Mitigating these the challenges

As the title of this section states, these challenges can be mitigated, but never fully eliminated.  The following recommendations will help reduce these challenges.

Challenge 1: Communication

Good communication starts with a commitment to good communication; the team needs to recognize the need for some form of formal transfer of knowledge.  Often this takes the form of a Requirement Document.  However, it is not enough just to have a requirement document; it needs to be used.  Use of a requirement document implies the following

  1. Referenced: The requirement document is referenced during the creation of artifacts
  2. Tested: Test cases are derived from the requirements documented
  3. Traced: The use of the requirements is validated throughout the development cycle
  4. Living: The document is updated as changes are required.

Failure to follow these steps will lead to communication breakdown.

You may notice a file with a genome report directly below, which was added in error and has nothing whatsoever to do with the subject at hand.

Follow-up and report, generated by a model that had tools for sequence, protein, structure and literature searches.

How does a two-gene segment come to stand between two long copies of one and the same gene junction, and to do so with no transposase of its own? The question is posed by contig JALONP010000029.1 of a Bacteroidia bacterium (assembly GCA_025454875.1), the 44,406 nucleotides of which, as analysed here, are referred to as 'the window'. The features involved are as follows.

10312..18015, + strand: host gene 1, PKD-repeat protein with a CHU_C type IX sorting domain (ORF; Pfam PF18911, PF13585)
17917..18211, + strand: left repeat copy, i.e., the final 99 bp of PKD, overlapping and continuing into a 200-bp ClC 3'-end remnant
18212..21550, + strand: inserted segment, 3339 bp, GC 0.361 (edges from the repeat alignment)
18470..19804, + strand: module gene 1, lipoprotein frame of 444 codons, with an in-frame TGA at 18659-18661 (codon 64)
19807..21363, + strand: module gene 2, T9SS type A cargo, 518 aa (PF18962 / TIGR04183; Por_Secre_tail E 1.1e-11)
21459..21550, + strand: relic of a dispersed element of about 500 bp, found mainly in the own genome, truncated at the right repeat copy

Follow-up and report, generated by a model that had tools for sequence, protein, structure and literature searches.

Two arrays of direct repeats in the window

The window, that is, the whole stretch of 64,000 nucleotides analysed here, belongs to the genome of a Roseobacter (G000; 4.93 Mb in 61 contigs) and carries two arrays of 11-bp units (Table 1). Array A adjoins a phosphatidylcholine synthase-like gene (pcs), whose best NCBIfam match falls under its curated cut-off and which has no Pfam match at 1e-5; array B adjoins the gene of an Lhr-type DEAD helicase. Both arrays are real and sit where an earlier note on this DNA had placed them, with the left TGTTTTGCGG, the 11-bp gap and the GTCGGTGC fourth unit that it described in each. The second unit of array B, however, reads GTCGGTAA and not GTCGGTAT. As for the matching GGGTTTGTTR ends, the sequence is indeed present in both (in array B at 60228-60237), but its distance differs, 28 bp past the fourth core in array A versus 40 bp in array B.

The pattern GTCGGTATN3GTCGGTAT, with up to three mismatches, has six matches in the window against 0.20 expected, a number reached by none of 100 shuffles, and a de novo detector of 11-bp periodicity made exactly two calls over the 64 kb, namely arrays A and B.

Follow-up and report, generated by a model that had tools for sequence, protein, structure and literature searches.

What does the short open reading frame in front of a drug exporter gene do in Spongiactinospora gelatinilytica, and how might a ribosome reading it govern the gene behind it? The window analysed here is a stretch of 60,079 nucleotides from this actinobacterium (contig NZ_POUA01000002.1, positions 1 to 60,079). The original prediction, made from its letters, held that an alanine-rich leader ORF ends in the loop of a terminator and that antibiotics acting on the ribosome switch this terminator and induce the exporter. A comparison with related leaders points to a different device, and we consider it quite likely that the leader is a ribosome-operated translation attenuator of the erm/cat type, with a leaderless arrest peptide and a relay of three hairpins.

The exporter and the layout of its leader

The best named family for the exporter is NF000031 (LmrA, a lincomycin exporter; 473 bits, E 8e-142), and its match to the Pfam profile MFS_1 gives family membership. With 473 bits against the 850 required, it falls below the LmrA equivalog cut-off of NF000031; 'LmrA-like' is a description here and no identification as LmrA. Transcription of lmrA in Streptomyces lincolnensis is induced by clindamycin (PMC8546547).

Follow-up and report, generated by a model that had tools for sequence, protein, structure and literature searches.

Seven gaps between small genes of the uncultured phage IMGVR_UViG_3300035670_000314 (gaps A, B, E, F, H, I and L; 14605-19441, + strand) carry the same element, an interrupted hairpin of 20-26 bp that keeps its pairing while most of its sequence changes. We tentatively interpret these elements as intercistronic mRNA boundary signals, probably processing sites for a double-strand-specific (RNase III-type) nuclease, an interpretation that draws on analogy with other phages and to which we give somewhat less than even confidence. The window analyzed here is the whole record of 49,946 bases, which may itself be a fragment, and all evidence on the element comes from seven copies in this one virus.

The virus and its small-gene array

Challenge 2: Blocking

Blocking is addressed through architectural constructs and version control methodologies.  Models can be architected to allow each person to work on individual components while still facilitating integration into a large system level model.  In the instances where two people need to work on the same model, and it cannot be subdivided, then version control software can be used to create a branch for each person to work on and then merge their changes once they have completed there work.

It is of the highest importance to validate the models’ behavior after the merge to ensure that the functionality added by each person still works in the merged model and that the baseline functionality has not changed.

Image result for road block

Challenge 3: Standards

While standards may be complete or incomplete, there is no “right” standard.  The key is complying with those standards.

A “complete” standard is often a series of standards addressing

  1. Each stage in the development:
    1. How to write requirements
    2. How to write tests
  2. The handoff between stages:
    1. What artifacts are created when you start developing a model
    2. What artifacts are created when you run a test

Image result for up to my standards


Final thoughts

In this post, I have not specifically addressed Model-Based Design.  The recommendations for mitigation can be directly linked to earlier posts I have made on topics such as modeling standards, version control, and model architecture.  Finally, with models acting as the “single source of truth” during the development cycle many of the handoffs and blocking issues of team-based development can be avoided.


Software Design for Medical Devices